Democrat Looks to Shore Up Pro-Choice Credentials in Virginia Governor’s Race

"Now is the time to be proactive and affirmative in protecting and expanding women's access to affordable health care," said Tom Perriello, the target of criticism from some pro-choice advocates.

Tom Perriello's opponent blasted his announcement, citing the candidate’s 2009 vote for the anti-choice Stupak amendment. Tom for Virginia / YouTube

Virginia Democratic gubernatorial candidate Tom Perriello said Wednesday that he would propose a constitutional amendment protecting abortion rights in his first legislative session should he be elected.

The amendment would be similar to one proposed by New York Gov. Andrew Cuomo (D) in January and “would guarantee reproductive choice at the state level, safeguarding this fundamental right for women against any potential future threats,” according to a press release from the Perriello campaign. 

“Now that Neil Gorsuch has joined George W. Bush appointees John Roberts and Samuel Alito, as well as Clarence Thomas, on the Supreme Court, we are one vacancy away from Roe v. Wade being fundamentally threatened,” Perriello, the target of criticism from some pro-choice advocates, said in the press statement. “In the face of threats at the federal level, states must act.” 

“Now is the time to be proactive and affirmative in protecting and expanding women’s access to affordable health care,” Perriello said. “We should be on offense, not defense.”

Rival Democratic candidate, Virginia Lt. Gov. Ralph Northam—who is locked in an increasingly tight race for the party’s gubernatorial nomination—”fully supports” such a constitutional amendment, according to a statement to Rewire from campaign press secretary Ofirah Yheskel.

Northam received an endorsement from NARAL Pro-Choice America and its Virginia affiliate in March. Tarina Keene, executive director of NARAL Pro-Choice Virginia, pointed to Northam’s fight against mandated ultrasounds during his time as a state senator and his work as the state’s lieutenant governor.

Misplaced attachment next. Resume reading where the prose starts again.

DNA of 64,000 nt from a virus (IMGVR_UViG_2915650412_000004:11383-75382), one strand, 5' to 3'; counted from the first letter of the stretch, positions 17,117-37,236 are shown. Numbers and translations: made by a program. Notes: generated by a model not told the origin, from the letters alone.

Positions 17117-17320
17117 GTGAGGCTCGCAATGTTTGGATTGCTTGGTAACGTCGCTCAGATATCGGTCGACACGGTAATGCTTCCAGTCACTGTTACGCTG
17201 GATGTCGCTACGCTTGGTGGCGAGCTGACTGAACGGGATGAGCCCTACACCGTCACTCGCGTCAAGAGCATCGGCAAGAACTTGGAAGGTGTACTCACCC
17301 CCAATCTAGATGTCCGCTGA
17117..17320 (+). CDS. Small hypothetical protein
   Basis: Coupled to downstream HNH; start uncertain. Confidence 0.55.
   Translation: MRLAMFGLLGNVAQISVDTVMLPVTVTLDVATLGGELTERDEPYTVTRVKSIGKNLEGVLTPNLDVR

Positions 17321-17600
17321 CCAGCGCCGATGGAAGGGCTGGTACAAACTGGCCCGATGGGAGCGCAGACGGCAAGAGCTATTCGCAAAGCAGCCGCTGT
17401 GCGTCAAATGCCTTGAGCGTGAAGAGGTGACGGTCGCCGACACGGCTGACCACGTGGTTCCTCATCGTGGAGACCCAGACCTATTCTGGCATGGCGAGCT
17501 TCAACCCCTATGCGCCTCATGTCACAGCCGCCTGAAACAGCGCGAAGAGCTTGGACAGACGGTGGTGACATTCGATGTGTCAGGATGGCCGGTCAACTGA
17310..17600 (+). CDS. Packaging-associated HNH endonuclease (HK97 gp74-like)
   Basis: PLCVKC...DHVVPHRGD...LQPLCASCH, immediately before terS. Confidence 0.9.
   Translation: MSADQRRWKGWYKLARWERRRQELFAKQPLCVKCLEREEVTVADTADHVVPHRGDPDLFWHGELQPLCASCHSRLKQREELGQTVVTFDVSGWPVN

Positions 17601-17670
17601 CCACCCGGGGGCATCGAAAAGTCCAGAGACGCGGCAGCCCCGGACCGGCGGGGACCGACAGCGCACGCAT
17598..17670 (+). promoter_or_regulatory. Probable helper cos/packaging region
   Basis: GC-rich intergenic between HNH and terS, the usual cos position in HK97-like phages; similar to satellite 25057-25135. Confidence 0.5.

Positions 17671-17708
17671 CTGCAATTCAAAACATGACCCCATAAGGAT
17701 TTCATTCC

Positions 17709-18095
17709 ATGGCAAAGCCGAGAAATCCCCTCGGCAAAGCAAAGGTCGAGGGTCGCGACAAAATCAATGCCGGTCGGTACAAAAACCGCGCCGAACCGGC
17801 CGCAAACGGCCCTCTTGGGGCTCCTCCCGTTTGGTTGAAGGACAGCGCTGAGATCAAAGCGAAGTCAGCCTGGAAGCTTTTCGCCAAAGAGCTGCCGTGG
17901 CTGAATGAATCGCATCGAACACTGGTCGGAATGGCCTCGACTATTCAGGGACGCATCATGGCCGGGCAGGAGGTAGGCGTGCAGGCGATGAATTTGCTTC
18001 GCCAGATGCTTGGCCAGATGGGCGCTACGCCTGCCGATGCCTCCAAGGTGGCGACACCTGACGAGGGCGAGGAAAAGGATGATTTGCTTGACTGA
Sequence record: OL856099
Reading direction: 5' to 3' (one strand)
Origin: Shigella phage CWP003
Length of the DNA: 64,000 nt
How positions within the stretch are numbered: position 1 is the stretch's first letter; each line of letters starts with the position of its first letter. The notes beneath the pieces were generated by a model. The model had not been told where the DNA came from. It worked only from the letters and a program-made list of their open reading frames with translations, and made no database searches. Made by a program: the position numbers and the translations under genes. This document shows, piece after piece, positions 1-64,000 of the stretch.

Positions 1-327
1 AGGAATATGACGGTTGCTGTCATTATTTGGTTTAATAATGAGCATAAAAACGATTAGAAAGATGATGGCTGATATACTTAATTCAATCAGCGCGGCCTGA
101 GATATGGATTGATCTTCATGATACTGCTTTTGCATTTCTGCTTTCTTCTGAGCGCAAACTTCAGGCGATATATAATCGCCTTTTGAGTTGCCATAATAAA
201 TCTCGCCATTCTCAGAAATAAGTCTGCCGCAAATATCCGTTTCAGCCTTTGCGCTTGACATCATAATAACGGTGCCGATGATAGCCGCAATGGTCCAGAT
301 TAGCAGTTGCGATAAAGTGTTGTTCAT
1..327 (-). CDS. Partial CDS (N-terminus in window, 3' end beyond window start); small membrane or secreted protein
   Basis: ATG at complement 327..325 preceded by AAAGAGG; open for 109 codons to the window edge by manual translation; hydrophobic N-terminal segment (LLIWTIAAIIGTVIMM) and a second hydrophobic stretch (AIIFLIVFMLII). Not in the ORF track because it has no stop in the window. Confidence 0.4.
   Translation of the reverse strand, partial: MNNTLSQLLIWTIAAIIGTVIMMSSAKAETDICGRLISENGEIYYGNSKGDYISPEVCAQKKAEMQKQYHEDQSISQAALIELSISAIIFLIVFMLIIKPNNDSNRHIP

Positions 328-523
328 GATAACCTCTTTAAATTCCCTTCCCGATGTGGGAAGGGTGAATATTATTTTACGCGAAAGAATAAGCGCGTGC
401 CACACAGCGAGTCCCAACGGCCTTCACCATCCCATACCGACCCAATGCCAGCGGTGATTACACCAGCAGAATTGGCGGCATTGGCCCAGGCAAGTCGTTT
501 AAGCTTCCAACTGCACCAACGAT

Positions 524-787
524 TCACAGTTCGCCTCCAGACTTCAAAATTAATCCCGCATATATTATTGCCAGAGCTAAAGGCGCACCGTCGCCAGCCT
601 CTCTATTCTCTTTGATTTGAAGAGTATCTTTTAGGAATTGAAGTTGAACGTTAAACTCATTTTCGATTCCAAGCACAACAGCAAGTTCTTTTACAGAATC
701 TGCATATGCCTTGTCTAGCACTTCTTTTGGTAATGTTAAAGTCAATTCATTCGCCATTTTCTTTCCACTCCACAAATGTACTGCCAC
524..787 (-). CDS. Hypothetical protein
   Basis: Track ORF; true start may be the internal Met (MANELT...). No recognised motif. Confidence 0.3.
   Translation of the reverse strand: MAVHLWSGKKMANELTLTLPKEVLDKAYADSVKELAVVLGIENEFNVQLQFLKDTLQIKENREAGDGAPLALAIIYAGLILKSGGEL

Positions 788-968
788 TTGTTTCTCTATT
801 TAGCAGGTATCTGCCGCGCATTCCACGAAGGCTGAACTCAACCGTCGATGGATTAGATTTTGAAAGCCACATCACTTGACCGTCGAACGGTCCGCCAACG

The Northam campaign blasted Perriello’s announcement, citing the candidate’s 2009 vote for the anti-choice Stupak amendment, which threatened to derail health care reform and would have prevented subsidized health plans on the insurance exchange from covering most abortion care, during his time in the U.S. House of Representatives.

“It’s hard to ignore that the amendment candidate Tom Perriello is proposing would be a safeguard against former Congressman Tom Perriello,” Yheskel said. “The Stupak amendment he supported would have functionally ended abortion coverage and undermined women’s constitutional right to an abortion. His smoke and mirrors efforts are a blatant attempt to distract from his record of using women’s reproductive rights as a bargaining chip during his short stint in Congress.”

At the time of his vote for the Stupak amendment, Perriello claimed it fulfilled his pledge to constituents not to support federal funding for abortion care. But in a January Facebook post he said he has come to “regret” that vote and that it “caused real pain to constituents and other women.” Perriello vowed to “work to roll back harmful restrictions on the right to choose and on abortion providers here in Virginia, oppose a 20-week abortion ban, make contraception more readily available, and ensure abortion care is safe, compassionate and accessible for women when they need it,” if elected.

Ian Sams, communications director for Perriello’s campaign, cited the “unprecedented threats from national and state Republicans—and a Supreme Court just one vote away from potentially overturning Roe” as the reason the Democratic candidate would move swiftly on a constitutional amendment if elected.

An amendment must “be agreed to by a majority of the members elected to each of the two houses,” according to Virginia’s constitution. The amendment is subject to a second vote in the legislature after the next general election; if passed by the majority, it becomes a ballot measure in which the state’s voters have the final say. 

Virginia is not one of the four states with so-called trigger laws on the books that would automatically criminalize abortion if Roe is struck down. But Republicans hold majorities in both chambers of Virginia’s legislature and have repeatedly pushed restrictions that would erode access to abortion care throughout the state.